On the evening of March 23/24, an aurora was visible from the Hamilton area.
Aurora are caused by the solar wind interacting with the Earth’s magnetosphere, a region created by the Earth’s molten iron core that protects us from the effects of solar and cosmic radiation. When charged particles hit the magnetosphere, they can travel down the magnetic field lines and into the Earth’s atmosphere. This is most visible when there are Coronal Mass Ejections.
Auroras are normally seen in more Northerly latitudes, however, they can appear further south during stronger geomagnetic storms, or around the time of the Spring and Fall Equinoxes. This aurora display was caused by a storm that reached a peak of G4 (Severe) and was visible as far south as Colorado and New Mexico.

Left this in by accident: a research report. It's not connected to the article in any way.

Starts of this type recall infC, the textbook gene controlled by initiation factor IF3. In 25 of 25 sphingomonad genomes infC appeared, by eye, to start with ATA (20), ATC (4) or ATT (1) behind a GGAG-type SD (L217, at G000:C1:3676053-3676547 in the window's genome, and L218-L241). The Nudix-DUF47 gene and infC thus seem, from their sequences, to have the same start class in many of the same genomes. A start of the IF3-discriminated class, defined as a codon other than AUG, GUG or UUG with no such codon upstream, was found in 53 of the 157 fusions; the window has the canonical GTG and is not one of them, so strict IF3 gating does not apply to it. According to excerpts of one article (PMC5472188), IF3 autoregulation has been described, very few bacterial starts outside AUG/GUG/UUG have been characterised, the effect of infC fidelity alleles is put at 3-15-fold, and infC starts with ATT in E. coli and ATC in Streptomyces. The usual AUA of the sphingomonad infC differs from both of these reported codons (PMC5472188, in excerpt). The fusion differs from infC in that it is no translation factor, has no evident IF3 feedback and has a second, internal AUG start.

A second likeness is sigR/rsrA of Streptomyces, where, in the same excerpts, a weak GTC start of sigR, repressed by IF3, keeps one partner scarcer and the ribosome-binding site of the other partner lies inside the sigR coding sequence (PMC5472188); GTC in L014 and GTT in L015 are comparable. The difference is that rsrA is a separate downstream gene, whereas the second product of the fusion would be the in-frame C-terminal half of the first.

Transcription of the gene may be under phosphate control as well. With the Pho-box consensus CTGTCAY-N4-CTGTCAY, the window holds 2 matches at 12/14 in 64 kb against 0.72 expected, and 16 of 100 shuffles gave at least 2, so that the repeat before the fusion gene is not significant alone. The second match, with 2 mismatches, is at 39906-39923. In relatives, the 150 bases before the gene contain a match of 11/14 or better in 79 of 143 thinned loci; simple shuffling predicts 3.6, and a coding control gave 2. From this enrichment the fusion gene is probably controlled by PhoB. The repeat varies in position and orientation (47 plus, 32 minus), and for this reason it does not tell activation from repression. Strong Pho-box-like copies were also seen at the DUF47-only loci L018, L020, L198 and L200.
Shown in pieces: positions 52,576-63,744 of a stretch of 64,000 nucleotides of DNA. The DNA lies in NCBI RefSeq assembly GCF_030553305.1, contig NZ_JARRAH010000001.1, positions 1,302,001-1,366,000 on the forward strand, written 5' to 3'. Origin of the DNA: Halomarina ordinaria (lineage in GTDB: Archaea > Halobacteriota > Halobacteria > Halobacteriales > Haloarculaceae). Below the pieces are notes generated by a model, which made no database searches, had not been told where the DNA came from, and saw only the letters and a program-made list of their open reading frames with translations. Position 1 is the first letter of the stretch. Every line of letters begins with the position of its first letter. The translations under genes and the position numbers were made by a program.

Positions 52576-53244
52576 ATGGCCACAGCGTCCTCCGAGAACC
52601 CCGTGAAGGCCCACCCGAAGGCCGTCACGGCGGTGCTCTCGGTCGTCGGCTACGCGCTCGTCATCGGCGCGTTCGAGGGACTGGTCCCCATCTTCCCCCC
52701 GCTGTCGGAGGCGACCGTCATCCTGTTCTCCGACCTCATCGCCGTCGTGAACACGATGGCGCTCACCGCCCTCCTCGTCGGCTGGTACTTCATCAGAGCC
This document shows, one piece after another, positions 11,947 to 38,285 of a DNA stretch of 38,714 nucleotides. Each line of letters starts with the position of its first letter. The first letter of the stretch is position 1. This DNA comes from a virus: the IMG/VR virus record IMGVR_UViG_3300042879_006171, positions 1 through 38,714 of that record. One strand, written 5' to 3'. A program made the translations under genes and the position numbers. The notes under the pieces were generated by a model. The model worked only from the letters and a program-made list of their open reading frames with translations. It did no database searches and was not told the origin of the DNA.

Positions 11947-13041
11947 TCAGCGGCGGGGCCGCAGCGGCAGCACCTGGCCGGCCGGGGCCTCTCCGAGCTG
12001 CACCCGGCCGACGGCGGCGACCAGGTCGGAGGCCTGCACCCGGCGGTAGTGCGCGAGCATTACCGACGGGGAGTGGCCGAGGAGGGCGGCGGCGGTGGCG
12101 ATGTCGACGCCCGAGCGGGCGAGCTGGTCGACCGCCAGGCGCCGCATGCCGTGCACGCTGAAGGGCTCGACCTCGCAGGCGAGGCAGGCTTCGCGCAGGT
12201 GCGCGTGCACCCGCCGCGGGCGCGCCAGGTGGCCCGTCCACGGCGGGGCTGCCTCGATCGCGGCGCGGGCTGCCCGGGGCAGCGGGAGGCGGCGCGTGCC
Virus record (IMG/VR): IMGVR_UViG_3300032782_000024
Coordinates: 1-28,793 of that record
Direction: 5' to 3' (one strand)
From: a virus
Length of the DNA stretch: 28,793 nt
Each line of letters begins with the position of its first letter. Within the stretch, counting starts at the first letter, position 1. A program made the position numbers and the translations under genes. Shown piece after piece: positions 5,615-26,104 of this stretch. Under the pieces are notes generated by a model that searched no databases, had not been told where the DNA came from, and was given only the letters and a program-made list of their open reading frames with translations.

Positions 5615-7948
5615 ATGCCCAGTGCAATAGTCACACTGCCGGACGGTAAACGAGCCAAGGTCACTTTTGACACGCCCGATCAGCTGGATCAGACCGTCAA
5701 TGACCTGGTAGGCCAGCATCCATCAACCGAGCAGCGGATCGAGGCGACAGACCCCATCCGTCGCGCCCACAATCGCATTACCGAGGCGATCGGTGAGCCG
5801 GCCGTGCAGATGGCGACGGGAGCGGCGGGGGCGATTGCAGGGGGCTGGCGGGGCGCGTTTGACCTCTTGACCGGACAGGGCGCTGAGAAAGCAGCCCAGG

There are several websites that provide you with forecasts for aurora displays listed below. If you see a G3 or higher storm or a Kp level of 6 or greater, you will have a chance of seeing aurora. It is best to find darker skies away from the city on clear, moonless nights. Look toward the North and look for wispy clouds. Quite often aurora can appear grey – use a camera (even the one on your phone!) and see if you can spot any clouds that have colour.